noun, plural bat·ter·ies.
- two or more pieces of artillery used for combined action.
- a tactical unit of artillery, usually consisting of six guns together with the artillerymen, equipment, etc., required to operate them.
- a parapet or fortification equipped with artillery.
- (on a warship) a group of guns having the same caliber or used for the same purpose.
- the whole armament of a warship.
Origin of battery
Related Words for batteryassault, artillery, body, set, group, chain, sequence, batch, bundle, clot, cluster, lot, suite, array, clump, ring, bunch, onslaught, violence, mayhem
Examples from the Web for battery
Contemporary Examples of battery
Karajah was charged with two felony counts of assault and battery.The Ten Worst Uber Horror Stories
November 19, 2014
They peered out into the gloom from Battery Park and could not make out her form.128 Years Old and Still a Looker: Happy Birthday to Lady Liberty
October 28, 2014
And for most of its existence, Tesla has relied on a single supplier for the battery cells: Panasonic.From the Model T to the Model S
The Daily Beast
September 24, 2014
General Grant issued a general order that “every battery bearing upon the enemy” fire in salute.Atlanta’s Fall Foretold The End Of Civil War Bloodshed
September 1, 2014
The gadget goes for $75 and can be reused nearly 40 times before the battery needs to be recharged.New Gadget Detects Date Rape Drugs, But Will Women Use It?
July 22, 2014
Historical Examples of battery
It was more like abduction complicated with assault and battery.The Spenders
Harry Leon Wilson
The battery, about thirty sappers and half the 35th Sikhs, were returning to camp.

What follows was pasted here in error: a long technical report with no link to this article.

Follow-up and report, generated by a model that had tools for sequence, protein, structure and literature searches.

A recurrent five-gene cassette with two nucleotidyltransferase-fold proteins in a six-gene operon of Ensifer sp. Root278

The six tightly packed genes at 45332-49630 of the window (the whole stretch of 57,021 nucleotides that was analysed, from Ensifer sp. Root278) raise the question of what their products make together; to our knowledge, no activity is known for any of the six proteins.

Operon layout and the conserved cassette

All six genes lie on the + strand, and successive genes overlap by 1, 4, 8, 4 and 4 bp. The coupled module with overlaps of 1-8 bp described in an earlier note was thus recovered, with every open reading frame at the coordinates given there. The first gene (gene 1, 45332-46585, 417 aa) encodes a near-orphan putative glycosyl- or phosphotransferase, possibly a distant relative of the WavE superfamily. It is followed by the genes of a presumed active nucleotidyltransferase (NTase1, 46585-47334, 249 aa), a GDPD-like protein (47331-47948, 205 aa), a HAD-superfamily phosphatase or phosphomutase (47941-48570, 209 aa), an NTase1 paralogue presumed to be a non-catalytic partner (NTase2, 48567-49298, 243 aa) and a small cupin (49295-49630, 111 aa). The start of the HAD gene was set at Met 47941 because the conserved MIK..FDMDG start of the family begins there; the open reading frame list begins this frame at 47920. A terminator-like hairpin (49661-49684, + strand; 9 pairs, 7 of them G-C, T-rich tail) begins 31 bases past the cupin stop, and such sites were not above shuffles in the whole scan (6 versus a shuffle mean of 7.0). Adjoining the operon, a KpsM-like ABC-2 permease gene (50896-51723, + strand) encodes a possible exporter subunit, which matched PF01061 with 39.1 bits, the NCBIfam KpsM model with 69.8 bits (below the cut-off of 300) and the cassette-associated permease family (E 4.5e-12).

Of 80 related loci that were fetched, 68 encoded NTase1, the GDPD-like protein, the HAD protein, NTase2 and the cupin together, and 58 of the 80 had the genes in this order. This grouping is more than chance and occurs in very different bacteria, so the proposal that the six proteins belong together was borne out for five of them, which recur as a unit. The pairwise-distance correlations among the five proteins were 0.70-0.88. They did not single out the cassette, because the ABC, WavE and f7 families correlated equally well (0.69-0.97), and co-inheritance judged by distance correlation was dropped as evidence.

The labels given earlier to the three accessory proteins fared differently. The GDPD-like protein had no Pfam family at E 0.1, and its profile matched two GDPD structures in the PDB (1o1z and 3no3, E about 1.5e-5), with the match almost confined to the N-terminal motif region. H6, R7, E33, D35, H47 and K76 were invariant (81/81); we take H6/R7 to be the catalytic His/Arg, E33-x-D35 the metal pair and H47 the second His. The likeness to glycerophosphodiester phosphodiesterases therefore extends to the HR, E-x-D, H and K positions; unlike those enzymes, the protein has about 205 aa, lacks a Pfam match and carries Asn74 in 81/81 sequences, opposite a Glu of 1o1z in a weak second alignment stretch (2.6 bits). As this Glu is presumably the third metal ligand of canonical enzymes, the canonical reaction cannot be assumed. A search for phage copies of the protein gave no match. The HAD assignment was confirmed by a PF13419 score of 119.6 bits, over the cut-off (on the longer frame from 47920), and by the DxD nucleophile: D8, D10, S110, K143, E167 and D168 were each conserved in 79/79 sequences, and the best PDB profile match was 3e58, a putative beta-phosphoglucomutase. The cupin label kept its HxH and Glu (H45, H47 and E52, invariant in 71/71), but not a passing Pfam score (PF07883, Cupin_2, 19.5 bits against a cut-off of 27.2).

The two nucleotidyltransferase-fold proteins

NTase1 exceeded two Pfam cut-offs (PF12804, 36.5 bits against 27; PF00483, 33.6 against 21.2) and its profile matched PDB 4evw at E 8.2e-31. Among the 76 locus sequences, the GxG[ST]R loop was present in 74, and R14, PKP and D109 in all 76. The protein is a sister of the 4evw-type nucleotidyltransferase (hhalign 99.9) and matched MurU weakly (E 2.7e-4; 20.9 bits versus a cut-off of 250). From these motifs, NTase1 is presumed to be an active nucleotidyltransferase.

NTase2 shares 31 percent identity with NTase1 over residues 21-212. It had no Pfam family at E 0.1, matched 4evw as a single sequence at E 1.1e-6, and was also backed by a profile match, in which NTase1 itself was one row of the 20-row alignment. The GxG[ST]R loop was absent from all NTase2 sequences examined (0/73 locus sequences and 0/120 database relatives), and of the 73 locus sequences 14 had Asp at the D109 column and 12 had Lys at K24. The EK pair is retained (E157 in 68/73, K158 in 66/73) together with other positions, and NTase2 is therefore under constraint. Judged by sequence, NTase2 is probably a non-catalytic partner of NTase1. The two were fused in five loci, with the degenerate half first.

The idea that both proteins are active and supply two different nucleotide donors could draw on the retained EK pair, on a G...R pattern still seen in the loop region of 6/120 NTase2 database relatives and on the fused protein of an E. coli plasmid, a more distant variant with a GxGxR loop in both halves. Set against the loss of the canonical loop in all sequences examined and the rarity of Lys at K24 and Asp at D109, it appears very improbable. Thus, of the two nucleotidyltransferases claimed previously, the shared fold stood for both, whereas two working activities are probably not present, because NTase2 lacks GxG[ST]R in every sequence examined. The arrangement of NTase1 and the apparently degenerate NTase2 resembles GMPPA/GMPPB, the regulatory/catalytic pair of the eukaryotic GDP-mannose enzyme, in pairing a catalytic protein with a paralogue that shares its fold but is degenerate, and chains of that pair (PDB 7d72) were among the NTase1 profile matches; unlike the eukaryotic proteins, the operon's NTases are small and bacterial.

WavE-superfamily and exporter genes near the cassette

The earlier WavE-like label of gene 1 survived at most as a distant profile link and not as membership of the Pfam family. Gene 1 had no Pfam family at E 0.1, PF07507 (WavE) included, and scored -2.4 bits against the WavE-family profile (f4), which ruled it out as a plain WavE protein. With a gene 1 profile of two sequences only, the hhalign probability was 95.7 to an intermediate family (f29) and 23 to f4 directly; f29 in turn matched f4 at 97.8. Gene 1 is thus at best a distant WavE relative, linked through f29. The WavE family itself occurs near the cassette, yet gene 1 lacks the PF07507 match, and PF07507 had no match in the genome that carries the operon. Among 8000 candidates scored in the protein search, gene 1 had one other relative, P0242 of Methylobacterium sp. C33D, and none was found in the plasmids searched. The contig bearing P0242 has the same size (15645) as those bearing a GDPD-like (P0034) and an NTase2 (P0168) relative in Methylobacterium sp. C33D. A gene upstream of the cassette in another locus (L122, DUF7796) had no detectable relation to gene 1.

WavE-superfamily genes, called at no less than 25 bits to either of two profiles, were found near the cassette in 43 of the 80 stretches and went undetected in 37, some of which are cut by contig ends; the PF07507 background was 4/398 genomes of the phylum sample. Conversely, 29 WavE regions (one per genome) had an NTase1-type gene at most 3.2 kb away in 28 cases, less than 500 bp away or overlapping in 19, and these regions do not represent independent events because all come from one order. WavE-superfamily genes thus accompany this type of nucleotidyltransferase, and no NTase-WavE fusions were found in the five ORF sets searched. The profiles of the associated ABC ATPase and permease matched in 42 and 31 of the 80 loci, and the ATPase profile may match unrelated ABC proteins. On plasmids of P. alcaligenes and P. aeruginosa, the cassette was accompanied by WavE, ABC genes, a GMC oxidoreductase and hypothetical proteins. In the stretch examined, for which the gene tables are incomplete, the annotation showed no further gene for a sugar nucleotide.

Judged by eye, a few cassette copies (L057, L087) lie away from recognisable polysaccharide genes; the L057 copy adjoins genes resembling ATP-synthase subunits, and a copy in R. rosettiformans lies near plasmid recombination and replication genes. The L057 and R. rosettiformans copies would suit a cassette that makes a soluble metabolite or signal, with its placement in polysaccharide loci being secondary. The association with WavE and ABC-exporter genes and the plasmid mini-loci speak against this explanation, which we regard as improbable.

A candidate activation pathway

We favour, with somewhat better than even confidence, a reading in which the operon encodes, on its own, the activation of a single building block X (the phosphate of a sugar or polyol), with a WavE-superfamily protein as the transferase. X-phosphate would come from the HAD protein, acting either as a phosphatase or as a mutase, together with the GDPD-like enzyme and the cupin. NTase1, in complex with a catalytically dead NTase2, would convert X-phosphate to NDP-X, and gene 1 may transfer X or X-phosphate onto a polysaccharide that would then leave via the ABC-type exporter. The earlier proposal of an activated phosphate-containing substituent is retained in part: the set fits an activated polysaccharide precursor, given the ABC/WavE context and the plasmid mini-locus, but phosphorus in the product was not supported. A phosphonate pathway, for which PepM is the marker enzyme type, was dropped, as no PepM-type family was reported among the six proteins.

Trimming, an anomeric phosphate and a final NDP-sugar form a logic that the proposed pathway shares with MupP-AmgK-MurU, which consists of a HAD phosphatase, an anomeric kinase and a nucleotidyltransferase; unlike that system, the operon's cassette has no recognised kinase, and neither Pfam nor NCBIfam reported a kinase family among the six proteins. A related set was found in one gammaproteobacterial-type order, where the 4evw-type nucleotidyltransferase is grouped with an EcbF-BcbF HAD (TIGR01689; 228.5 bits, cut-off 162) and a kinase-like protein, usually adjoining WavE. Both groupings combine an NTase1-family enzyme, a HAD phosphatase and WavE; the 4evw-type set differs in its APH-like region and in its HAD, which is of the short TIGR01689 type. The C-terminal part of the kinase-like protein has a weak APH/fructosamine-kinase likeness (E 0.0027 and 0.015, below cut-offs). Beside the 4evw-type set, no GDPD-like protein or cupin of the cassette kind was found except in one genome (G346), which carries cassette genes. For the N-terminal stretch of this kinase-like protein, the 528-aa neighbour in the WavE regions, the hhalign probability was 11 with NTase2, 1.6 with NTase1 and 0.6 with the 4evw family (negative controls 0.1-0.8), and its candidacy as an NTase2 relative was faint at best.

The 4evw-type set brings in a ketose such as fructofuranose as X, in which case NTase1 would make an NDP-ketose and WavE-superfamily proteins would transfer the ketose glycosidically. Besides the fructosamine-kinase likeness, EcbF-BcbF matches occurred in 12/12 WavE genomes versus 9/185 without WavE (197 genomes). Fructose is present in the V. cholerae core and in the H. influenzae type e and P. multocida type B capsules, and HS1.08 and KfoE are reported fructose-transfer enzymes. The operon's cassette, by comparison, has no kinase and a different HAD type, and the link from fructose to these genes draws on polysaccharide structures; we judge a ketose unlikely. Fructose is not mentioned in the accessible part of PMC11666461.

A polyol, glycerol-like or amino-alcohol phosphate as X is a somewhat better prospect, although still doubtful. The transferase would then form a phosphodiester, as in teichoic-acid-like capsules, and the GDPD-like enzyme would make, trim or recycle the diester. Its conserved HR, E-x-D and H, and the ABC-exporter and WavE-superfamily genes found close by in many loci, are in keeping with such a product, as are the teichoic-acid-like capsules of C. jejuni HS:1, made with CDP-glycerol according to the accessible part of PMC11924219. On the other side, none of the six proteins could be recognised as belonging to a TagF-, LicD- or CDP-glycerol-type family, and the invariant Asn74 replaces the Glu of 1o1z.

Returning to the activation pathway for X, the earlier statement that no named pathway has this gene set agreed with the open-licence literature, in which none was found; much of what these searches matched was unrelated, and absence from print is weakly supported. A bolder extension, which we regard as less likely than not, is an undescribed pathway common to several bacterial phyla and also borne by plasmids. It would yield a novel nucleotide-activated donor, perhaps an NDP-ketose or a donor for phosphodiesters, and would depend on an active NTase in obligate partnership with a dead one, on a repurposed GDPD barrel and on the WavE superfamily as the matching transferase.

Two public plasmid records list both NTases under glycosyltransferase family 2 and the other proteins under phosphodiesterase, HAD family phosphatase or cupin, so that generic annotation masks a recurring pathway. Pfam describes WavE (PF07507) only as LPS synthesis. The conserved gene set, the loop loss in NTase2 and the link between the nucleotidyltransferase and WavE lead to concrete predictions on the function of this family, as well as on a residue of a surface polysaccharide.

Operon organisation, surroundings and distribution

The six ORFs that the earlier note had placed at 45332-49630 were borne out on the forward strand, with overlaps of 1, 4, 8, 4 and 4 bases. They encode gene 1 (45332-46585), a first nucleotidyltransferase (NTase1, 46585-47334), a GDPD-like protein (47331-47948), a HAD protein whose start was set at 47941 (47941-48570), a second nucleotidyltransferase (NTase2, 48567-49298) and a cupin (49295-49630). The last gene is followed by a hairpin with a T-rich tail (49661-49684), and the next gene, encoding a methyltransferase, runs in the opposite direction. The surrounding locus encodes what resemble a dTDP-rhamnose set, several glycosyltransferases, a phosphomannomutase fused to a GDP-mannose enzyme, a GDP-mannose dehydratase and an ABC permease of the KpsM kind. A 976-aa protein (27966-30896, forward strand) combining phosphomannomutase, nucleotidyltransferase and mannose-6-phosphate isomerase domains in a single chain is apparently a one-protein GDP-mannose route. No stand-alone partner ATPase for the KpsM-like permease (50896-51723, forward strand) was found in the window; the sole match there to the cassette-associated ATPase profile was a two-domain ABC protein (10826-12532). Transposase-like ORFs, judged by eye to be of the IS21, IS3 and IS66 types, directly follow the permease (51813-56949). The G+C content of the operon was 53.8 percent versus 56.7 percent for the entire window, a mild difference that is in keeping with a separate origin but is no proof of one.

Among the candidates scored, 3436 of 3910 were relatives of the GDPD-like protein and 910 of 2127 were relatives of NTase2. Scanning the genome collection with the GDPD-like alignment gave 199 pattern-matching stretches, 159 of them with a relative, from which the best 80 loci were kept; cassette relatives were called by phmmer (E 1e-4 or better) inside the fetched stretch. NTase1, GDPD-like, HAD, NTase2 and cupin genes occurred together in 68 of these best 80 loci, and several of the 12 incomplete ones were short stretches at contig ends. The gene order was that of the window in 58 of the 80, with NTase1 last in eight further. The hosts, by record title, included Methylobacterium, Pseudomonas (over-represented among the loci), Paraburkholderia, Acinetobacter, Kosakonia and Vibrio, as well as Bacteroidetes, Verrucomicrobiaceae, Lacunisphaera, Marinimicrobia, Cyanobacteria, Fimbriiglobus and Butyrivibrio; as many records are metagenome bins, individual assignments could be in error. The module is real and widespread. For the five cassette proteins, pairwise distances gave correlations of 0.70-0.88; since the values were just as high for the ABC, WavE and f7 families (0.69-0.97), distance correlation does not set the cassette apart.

Thus the battery was left with no other escort than thirty sappers.
To indicate the effect, he included a galvanometer in the circuit of the battery and the button.Heroes of the Telegraph
This battery was from his native city, and in it he had many friends.Cleveland Past and Present
noun plural -teries
- two or more primary cells connected together, usually in series, to provide a source of electric current
- short for dry battery
- a large group of cages for intensive rearing of poultry
- (as modifier)battery hens
Word Origin for battery
1530s, "action of battering," from Middle French batterie, from Old French baterie (12c.) "beating, thrashing, assault," from batre "beat," from Latin battuere "beat" (see batter (v.)).
Meaning shifted in Middle French from "bombardment" ("heavy blows" upon city walls or fortresses) to "unit of artillery" (a sense recorded in English from 1550s). Extension to "electrical cell" (1748, first used by Ben Franklin) is perhaps from the artillery sense via notion of "discharges" of electricity. In Middle English, bateri meant only "forged metal ware." In obsolete baseball jargon battery was the word for "pitcher and catcher" considered as a unit (1867, originally only the pitcher).
A Closer Look: A battery stores chemical energy, which it converts to electrical energy. A typical battery, such as a car battery, is composed of an arrangement of galvanic cells. Each cell contains two metal electrodes, separate from each other, immersed within an electrolyte containing both positive and negative ions. A chemical reaction between the electrodes and the electrolyte, similar to that found in electroplating, takes place, and the metals dissolve in the electrolyte, leaving electrons behind on the electrodes. However, the metals dissolve at different rates, so a greater number of electrons accumulate at one electrode (creating the negative electrode) than at the other electrode (which becomes the positive electrode). This gives rise to an electric potential between the electrodes, which are typically linked together in series and parallel to one another in order to provide the desired voltage at the battery terminals (12 volts, for example, for a car battery). The buildup of charge on the electrodes prevents the metals from dissolving further, but if the battery is hooked up to an electric circuit through which current may flow, electrons are drawn out of the negative electrodes and into the positive ones, reducing their charge and allowing further chemical reactions.